I’ve never met a falafel I didn’t like. Crispy on the outside, creamy on the inside, falafel is, to me, the reason to patronize Middle Eastern restaurants. Every place has its own spin on falafel: how it ought to be prepared, how it ought to be served. Fast-food joints might deep-fry big fat falafel balls and scoop them into hearty rolls along with some lettuce and tomato and a slathering of tahini sauce. Fancier destinations might prepare you a plate with dainty nuggets of falafel, surrounded by a delicious array of vegetables and a sauce or two with which to accessorize. But my very favorite place to eat falafel is my kitchen table.
Sadly, for many years I was ignorant about how easily falafel—essentially a spiced chickpea batter, shaped into patties or balls and then fried or baked—can be made at home. The only thing required by falafel-making is a little bit of faith. The batter always seems unpromising to me, since it’s all cold and wet and slimy. It bears no resemblance at all to cheerfully fried and gussied-up restaurant falafel. One wonders how on earth is this stuff going to hold together? But with a little bit of faith, it does. And it’s delicious.
I’m so smitten with homemade falafel that I have no fewer than three versions that I make regularly. This recipe is my go-to busy-day staple; it comes together uber-fast with pantry staples—no last-minute shopping required! Rachael Ray’s magazine has published an interesting variation on falafel, very similar in structure to my staple recipe. (Word to the wise: if you use hot fire-roasted chilies in Rachael’s recipe, your patties will be seriously spicy, so choose your chilies carefully! Also, the cooking instructions in that recipe don’t produce the same crunch as this recipe, so I recommend cooking her patties using the stovetop instructions here.) Finally, and this one I want to share with you today, falafel need not be limited by cumin and its cohorts. I stole away with Crescent’s baked falafel. We (the falafel and me, that is) went to Italy together. A splash of olive oil and a few herbs later, I have returned with a specimen that makes a great lunch…and makes me awfully happy.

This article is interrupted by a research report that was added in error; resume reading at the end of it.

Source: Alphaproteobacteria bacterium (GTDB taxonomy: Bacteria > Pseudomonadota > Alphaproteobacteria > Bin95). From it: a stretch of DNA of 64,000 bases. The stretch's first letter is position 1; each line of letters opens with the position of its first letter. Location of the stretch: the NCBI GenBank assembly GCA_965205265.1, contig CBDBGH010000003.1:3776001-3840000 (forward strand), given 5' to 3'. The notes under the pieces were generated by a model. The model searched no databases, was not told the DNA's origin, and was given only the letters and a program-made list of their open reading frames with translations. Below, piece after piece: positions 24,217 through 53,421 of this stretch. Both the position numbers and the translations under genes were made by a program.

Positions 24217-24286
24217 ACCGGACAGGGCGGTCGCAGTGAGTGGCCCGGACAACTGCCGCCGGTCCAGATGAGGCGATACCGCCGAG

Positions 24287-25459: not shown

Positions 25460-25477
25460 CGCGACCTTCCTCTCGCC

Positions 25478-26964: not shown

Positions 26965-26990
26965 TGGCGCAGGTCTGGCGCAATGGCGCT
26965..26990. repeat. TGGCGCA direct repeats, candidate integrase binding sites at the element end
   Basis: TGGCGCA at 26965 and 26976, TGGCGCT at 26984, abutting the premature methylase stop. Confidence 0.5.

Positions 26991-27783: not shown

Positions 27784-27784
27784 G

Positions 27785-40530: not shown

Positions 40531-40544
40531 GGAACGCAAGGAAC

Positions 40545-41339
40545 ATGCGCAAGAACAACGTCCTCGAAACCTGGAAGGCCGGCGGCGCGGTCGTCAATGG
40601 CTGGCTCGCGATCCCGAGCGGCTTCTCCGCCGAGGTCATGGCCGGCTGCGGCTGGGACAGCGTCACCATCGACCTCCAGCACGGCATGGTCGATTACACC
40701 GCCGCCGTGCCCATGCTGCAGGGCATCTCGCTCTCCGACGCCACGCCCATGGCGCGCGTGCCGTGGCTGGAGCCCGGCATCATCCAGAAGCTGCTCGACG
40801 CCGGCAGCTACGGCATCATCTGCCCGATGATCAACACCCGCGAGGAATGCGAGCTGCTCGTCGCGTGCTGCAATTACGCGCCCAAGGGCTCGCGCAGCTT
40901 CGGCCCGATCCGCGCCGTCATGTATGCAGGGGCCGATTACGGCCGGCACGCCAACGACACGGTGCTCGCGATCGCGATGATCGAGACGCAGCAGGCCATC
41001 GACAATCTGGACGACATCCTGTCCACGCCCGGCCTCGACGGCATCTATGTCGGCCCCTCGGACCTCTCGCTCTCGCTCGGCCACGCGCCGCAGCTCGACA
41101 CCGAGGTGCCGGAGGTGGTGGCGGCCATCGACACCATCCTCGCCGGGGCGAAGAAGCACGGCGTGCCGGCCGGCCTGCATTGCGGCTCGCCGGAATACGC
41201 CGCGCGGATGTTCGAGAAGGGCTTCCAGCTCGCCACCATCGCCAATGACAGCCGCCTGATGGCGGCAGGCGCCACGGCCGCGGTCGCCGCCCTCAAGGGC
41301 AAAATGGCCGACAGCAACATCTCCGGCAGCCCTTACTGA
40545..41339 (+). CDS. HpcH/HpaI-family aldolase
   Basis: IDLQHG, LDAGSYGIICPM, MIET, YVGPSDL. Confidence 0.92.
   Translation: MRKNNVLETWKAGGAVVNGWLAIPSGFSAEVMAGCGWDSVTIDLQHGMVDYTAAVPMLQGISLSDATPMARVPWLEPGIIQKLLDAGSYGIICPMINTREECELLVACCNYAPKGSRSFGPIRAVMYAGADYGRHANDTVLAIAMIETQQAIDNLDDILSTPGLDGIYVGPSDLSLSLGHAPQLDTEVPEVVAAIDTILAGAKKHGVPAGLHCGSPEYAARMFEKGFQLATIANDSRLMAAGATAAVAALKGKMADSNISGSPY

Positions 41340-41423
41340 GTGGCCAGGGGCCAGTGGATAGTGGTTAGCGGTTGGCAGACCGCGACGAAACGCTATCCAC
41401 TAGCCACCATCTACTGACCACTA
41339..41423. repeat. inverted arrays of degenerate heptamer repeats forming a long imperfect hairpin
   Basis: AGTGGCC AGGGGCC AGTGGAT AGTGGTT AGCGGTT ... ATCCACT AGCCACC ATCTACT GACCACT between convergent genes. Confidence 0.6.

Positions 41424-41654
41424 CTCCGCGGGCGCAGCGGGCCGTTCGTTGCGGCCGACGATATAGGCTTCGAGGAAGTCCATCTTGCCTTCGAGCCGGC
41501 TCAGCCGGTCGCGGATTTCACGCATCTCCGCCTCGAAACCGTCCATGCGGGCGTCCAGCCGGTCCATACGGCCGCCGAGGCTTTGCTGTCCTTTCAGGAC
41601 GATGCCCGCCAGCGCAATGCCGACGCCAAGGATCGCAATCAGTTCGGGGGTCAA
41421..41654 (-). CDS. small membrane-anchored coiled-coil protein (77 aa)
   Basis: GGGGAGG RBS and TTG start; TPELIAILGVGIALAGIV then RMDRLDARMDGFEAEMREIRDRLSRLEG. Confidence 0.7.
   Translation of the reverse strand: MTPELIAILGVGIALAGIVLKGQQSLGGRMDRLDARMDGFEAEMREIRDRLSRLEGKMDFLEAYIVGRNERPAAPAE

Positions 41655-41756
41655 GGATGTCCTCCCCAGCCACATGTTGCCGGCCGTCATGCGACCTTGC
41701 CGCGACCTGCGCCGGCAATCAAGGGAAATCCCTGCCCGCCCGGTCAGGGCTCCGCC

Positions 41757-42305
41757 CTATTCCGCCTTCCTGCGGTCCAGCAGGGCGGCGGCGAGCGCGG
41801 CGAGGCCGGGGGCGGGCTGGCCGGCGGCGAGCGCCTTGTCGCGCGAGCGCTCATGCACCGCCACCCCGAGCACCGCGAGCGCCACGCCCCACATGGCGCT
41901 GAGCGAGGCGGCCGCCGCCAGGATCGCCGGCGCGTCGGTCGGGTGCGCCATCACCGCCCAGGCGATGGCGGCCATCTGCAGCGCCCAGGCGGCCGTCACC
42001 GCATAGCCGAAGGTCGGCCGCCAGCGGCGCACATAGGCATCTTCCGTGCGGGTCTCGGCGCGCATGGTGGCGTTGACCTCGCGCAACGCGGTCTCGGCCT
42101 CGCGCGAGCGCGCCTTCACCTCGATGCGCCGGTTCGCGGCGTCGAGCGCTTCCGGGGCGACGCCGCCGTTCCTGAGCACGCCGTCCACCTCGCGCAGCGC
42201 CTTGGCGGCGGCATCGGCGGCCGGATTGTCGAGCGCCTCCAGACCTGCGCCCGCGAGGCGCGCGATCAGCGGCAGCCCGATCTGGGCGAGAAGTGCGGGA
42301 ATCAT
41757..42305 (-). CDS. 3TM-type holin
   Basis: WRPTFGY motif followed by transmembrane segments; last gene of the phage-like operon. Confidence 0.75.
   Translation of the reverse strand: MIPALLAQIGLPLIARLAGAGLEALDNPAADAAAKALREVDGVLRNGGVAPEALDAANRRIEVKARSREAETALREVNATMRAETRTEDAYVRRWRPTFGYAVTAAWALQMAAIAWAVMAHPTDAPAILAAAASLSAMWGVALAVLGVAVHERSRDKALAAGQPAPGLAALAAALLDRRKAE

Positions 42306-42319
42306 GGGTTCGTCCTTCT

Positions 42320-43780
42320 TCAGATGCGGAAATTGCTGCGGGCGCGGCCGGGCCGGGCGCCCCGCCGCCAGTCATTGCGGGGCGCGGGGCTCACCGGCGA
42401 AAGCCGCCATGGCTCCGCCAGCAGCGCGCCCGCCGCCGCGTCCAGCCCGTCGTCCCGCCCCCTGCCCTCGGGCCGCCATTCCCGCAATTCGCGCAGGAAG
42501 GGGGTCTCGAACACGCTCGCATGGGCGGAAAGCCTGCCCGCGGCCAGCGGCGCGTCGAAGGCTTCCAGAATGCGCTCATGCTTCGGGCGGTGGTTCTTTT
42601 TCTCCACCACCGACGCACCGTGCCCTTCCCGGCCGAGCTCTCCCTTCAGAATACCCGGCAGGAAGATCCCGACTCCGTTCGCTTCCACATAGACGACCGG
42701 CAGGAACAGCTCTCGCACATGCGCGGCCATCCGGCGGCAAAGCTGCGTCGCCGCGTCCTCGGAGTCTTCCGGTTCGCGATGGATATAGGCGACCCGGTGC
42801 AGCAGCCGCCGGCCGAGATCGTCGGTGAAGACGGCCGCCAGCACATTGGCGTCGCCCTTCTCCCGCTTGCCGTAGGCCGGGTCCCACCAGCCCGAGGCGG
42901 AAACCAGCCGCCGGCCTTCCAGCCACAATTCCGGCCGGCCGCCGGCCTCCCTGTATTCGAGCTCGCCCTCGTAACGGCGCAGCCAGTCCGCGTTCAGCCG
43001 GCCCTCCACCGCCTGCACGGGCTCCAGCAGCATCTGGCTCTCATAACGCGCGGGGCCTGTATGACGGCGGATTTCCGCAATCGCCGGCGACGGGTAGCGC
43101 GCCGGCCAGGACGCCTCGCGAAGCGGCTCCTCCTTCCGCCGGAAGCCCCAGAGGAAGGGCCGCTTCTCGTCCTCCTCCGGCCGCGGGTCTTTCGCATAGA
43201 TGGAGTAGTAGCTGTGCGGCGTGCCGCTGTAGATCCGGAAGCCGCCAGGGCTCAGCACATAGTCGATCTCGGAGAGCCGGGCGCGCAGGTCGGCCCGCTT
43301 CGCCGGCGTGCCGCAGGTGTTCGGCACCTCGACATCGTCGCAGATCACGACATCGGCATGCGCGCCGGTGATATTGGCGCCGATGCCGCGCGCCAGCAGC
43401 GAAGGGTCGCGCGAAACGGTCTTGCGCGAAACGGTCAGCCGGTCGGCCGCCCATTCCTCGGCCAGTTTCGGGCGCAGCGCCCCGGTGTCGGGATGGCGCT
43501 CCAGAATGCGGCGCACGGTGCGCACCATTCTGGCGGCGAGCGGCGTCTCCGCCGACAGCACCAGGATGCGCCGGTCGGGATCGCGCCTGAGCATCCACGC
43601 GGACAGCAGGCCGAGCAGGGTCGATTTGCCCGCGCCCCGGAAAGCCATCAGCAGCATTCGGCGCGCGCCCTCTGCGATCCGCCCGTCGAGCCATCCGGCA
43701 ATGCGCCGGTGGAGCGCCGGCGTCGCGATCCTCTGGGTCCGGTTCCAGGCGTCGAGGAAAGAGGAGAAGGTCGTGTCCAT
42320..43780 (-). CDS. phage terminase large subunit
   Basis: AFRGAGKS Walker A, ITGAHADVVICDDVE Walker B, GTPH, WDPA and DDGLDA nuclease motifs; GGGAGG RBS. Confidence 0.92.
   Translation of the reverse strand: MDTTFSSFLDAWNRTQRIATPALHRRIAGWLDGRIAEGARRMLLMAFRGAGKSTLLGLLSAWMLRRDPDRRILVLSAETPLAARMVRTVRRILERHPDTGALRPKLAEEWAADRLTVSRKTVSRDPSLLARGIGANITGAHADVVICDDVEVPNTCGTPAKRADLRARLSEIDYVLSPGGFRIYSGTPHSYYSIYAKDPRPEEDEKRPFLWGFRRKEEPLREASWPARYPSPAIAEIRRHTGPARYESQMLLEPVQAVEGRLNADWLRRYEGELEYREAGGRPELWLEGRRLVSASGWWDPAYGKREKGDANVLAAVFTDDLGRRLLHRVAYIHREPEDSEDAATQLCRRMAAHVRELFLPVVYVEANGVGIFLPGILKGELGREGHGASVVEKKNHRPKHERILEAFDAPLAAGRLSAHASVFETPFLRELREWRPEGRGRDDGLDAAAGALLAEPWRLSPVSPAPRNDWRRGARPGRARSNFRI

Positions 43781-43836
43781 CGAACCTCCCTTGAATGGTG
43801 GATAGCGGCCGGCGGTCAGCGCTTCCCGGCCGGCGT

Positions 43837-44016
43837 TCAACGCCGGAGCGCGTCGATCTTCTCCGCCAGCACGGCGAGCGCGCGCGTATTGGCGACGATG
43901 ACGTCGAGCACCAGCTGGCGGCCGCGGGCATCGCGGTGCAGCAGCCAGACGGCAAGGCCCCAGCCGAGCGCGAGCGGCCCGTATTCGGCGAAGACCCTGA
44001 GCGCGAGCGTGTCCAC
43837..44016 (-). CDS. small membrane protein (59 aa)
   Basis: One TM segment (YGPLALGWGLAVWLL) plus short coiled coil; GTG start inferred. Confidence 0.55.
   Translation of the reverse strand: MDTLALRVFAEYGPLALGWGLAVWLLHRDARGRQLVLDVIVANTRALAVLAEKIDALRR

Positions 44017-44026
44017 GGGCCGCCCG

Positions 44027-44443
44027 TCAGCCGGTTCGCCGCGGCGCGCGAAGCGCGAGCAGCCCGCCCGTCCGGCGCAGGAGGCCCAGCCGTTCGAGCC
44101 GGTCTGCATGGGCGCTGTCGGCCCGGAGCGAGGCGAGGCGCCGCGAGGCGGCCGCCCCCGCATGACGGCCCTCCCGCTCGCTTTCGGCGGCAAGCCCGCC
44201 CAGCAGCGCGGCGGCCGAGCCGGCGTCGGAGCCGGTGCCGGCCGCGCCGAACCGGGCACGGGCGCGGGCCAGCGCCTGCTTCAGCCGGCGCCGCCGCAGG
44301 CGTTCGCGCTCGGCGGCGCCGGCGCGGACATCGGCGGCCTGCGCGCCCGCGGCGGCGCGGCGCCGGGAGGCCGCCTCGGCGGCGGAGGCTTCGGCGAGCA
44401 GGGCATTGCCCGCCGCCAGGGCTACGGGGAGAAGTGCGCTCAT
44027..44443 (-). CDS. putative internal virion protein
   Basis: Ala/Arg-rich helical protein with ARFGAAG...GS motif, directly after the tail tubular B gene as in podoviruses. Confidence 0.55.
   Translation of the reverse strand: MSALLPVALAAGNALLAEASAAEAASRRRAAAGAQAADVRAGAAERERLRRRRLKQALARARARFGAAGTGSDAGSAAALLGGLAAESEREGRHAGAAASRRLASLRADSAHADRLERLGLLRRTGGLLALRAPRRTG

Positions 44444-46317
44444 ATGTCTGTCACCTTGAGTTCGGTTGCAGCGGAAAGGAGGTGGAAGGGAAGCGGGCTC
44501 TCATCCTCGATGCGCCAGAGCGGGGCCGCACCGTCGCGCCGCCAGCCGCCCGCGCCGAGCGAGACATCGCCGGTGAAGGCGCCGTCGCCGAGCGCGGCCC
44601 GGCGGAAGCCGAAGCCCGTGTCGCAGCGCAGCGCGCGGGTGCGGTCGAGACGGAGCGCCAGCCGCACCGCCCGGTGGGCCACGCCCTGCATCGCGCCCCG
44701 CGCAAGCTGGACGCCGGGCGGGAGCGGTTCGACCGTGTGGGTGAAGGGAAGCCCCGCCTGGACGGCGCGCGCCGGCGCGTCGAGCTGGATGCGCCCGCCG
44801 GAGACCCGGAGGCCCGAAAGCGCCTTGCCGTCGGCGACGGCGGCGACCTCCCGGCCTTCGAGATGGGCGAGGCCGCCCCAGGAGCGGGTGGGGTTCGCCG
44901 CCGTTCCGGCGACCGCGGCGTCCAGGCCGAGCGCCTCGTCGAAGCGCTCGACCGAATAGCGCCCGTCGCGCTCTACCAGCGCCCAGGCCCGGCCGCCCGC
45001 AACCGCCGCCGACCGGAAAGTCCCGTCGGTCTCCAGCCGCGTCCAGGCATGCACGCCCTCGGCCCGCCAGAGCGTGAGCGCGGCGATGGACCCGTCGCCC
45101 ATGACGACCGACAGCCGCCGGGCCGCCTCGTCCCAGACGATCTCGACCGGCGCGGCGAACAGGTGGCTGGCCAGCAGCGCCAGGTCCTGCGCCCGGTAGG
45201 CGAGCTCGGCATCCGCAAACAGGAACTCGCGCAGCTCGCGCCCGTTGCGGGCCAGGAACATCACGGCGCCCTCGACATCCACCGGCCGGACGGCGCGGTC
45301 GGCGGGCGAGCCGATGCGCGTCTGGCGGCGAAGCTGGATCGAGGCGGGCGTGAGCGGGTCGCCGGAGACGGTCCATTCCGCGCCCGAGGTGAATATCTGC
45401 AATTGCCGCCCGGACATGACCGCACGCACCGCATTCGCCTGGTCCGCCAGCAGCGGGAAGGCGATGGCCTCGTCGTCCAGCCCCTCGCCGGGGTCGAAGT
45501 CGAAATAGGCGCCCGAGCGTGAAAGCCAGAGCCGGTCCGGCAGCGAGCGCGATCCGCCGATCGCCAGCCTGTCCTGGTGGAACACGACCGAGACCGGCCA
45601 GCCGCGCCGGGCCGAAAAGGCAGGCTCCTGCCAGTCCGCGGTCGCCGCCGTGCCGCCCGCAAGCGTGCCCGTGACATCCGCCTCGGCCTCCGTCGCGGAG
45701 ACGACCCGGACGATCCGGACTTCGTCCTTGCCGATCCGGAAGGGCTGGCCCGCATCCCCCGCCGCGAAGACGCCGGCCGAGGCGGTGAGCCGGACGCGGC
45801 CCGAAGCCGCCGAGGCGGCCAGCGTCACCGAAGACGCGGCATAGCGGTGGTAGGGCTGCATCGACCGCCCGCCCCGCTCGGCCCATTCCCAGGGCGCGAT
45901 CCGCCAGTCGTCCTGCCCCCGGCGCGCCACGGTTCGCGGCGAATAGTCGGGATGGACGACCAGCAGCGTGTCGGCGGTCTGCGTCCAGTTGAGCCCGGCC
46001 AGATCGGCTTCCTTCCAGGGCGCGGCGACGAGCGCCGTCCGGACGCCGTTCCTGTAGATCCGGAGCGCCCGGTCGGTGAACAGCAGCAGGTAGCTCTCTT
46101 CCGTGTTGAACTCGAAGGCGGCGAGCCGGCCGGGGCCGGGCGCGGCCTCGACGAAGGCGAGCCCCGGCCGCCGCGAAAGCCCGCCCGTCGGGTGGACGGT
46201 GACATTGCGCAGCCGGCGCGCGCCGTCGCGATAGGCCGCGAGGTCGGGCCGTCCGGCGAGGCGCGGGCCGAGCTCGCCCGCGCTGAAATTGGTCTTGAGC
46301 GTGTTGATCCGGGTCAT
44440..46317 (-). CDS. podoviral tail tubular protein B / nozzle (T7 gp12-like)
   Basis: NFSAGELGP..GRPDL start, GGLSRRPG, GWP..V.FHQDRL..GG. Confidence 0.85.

Baking falafel is an interesting proposition. Usually I pan-fry falafel at home, using a tablespoon of olive oil for two patties in a ten-inch skillet. This strategy makes for a crispy, browned patty that isn’t dripping with oil—a reasonable compromise, I think, between tastebuds and waistband. Baking falafel allows one to consider an even more reasonable number of fat grams, but here’s the thing: baked falafel loves to stick to its pan. Oh, it’s terrible how well baked falafel sticks, even on a pan coated with nonstick spray. I howled in frustration the first time it happened. Every single one of my lovely patties lost their crunchy bottom coat, no matter how carefully I tried to slide my flipper underneath them. The next time, I used my new Silpat. It worked like a charm: no sticking at all. I flipped all six patties effortlessly, crunchy bottoms intact. While I’m normally a “make-do-with-what-you-have” kinda girl, I highly, highly recommend investing in a Silpat. Silpats are great for any situation where you need a nonstick baking surface; I use it mostly for baking delicate cookies. I bought mine for ~$15 with one of those ubiquitous coupons from Bed, Bath, and Beyond, with a little help from Daphna and her glove compartment stashed with coupons (thanks, D!). For anyone who bakes frequently, Silpats make life happy.